Growing up with a history buff in the house I knew a little about a Cold War before we went to the screen of Bridge of Spies, but I’ll be honest – not a ton. I knew what most people in my age group do, it’s the time period where we feared the Communist threat, that children were prepared in school for bombs being dropped on them, and almost everyone in Hollywood was called up and questioned for their beliefs. But I had never heard of James Donovan, Rudolph Abel or Francis Gary Powers.
Bridge of Spies is based on the real life events that happened in the midst of the Cold War, and how one lawyer makes his mark. James Donovan (played by Tom Hanks) is an insurance attorney tasked with representing Rudolph Abel, a Russian spy who is captured by the government. Although he really isn’t given a choice to represent Abel, Donovan puts his career and family in jeopardy to do his job. Despite not being able to get the fair trial he believes Abel deserves for just doing his job, Donovan is able to convince the courts to keep Abel alive in case they ever need to make an exchange for one of their men. Not very long after, that day that Abel is needed as an insurance policy comes and Donovan has to cross enemy lines to bargain for once again.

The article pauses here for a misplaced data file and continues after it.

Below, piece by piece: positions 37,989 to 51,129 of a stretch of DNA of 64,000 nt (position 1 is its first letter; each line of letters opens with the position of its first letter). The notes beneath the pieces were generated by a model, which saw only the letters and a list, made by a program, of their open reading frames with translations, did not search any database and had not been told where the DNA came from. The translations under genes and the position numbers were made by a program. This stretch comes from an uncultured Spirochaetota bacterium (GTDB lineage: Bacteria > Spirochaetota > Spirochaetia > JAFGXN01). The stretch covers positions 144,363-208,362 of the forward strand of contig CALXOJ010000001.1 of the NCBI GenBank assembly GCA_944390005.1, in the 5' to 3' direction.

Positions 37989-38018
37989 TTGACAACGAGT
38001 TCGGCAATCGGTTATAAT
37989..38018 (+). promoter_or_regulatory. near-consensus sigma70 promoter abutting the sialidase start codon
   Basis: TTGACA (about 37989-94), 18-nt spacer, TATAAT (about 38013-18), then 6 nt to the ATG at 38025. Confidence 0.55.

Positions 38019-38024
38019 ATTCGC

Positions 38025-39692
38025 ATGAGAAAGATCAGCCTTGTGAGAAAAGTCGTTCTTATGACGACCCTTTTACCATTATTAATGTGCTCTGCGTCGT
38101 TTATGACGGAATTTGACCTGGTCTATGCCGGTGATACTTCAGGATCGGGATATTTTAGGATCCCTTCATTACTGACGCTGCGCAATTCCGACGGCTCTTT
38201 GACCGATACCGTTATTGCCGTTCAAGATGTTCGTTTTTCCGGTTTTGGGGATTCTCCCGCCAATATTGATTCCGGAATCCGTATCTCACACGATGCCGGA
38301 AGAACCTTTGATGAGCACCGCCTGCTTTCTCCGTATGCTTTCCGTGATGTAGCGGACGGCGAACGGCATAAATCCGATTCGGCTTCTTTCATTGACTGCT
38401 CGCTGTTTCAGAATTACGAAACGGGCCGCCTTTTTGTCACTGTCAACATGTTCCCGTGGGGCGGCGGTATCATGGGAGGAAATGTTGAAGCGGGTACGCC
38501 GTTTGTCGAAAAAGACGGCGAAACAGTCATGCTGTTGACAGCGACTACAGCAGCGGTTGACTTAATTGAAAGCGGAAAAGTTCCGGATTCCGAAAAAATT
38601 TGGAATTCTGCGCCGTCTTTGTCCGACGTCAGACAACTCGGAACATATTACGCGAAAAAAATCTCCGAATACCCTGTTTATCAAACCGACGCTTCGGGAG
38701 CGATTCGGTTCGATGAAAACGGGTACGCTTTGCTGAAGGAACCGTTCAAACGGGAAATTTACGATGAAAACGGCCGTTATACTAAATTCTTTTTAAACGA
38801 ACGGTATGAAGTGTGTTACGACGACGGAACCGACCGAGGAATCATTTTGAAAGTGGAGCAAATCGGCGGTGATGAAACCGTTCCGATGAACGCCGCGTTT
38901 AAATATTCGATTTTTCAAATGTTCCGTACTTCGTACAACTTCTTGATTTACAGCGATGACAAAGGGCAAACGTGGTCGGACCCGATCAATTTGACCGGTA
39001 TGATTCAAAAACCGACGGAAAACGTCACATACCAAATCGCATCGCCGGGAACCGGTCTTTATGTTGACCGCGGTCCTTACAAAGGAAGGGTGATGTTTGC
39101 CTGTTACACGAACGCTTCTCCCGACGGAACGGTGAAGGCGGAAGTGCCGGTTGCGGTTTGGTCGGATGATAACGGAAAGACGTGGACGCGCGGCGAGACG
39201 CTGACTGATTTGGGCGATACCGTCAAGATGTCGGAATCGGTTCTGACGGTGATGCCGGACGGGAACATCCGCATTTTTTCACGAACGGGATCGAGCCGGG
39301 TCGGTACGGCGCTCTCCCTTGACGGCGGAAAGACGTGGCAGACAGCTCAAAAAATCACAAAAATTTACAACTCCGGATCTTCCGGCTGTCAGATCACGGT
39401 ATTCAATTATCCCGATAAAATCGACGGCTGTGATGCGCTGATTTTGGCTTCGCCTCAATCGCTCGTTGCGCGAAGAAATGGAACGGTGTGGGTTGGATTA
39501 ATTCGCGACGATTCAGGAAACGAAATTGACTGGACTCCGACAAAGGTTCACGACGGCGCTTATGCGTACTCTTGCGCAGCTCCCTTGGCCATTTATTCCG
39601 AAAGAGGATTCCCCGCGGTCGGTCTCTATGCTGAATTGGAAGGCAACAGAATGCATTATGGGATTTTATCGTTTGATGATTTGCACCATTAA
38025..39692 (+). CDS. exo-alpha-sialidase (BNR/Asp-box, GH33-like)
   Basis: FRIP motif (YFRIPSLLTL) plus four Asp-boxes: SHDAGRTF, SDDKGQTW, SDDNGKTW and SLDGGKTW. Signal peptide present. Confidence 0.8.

We really enjoyed Bridge of Spies, and despite it having some slow parts the movie didn’t seem to be the 2 hours and 20 minutes it’s actually slated at. The movie will be a big hit for any history buffs, as well as anyone who loves legal movies. The characters are believable and each part of the story leads towards the next. It’s a great depiction of actual events, and I’d gladly recommend it to anyone who loves historical movies.
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